Sunday, April 22, 2012

Ginger the Horse Sculpture

                                                       
This beautiful sculpture, made of steel wire, by Andy Scott (how I love his work!), was unveiled in Greenock in February 2011. It stands 3.5 metres high and is a memorial to a much loved cart horse, which unfortunately drowned in 1889 in the old Albert Harbour.

The sight of the horse’s death and the distraught, weeping owner, who was clinging on to the neck of the dead animal on the quayside, was witnessed by a long queue of people waiting to emigrate to America on a steamship.

This lovely statue was installed by Riverside Inverclyde as part of the redevelopment of the whole area and can be seen at the piazza at the eastern end of Cathcart Street, at the junction with Dalrymple St. 







To see more of Andy Scott's wonderful sculptures, please click here



15 comments:

Liz said...

Poor Ginger!
Liz @ Shortbread & Ginger

Melinda Bogert said...

Ginger is TRANSPARENT!!! Did not realize that until I saw your closeup photos. Metal? Lovely sculpture!! Love seeing Scotland through your eyes, Jane!! Wish I could be there with you to see it all firsthand. Love what you write!!

Jane said...

Thank you both for your welcome comments!!

Omeprazole Paste said...

That's a nice Horse sculpture! I just wonder what it's made of?

Jan's Travel and Tours said...

Very nice horse sculpture! I'm glad that you've personally got a chance to took a photo of this fabulous work of art. :)

Anonymous said...

Thank you Jane for sharing the beauty of Scotland :)I will come back again to see more pictures from Scotland.
Love,
Joson George

Jane said...

Thank you all so much :-)

Denis Bell said...

Brilliant as usual Jane...sorry been distracted with too much these least couple of years!! Br, Denis.

Denis Bell said...

Wonderful Jane

Lasertek said...

Wow.The details are just intricate. You are very lucky to see this sculpture up close. A sight worth looking at. And the story behind it is touching. Seeing the sculpture (photo) and knowing the story just evokes different emotions.

http://www.designideasandprinciples.blogspot.com/

Jane said...

Thank you very much Denis and Lasertek, much appreciated!!

Jane said...

Hi Denis, tried to post the below on your blog but it's only set for team members (hope you see it here):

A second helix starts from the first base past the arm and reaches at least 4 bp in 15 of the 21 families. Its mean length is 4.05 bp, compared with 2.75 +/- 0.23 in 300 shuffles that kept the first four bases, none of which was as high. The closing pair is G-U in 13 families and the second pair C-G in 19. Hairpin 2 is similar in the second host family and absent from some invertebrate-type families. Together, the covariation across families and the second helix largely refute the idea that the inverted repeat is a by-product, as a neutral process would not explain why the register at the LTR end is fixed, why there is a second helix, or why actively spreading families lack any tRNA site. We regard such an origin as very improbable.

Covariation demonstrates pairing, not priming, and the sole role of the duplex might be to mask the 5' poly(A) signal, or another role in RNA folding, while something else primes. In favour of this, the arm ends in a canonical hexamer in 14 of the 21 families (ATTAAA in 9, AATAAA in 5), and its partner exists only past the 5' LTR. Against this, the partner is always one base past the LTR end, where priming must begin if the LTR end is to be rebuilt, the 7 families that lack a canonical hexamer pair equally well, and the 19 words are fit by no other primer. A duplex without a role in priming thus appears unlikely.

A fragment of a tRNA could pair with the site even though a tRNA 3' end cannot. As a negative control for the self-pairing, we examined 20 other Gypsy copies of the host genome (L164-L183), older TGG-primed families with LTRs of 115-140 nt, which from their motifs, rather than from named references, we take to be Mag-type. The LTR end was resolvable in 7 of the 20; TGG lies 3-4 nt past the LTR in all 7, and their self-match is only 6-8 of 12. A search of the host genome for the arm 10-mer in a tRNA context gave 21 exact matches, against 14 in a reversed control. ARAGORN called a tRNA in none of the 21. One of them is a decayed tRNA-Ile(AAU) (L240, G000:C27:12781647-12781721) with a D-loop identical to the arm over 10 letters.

Wonderful photos Denis, sorry I haven't been around lately. Thanks for your welcome comment by the way. It's been a very busy year; first renting in Fairlie, then buying a place on the outskirts of Kilmarnock. Still doing it up and busy with many other things too. Just love being in Scotland again, still hasn't really sunk in! Hope you and yours are well and I'll take this opportunity to wish you a very Merry Christmas and Happy New year too! Best wishes, Jane

Anonymous said...

Can someone shed some light on where the story of the horse was recorded.Having resided in the local area and having worked in the ship yards I have never heard of this until the sculpture was erected.Thanks

Jane said...

All I an find is this: "Harbour Mishap at Greenock. Yesterday morning, while a horse and cart were conveying a thousand-weight of sugar on the quay at Albert Harbour, one of the cartwheels caught a mooring stanchion, which caused the laden conveyance and its draft animal to fall over into the water. The poor creature made desperate efforts to free itself and was successful in casting off all the harness except the collar, which, being attached to the shafts of the sunken cart, held its head under water until it was drowned. The dead animal and the cart were raised during the forenoon by the Greenock harbour diver."
Glasgow Caledonian, October 23, 1889

I'm thinking that Glasgow Caledonian might be a newspaper of the university, but I'm not sure.

Jane said...

By the way, I got the other information that I put on my blog from reported hearsay found on the web (easily found by searching for Ginger the Horse and Greenock).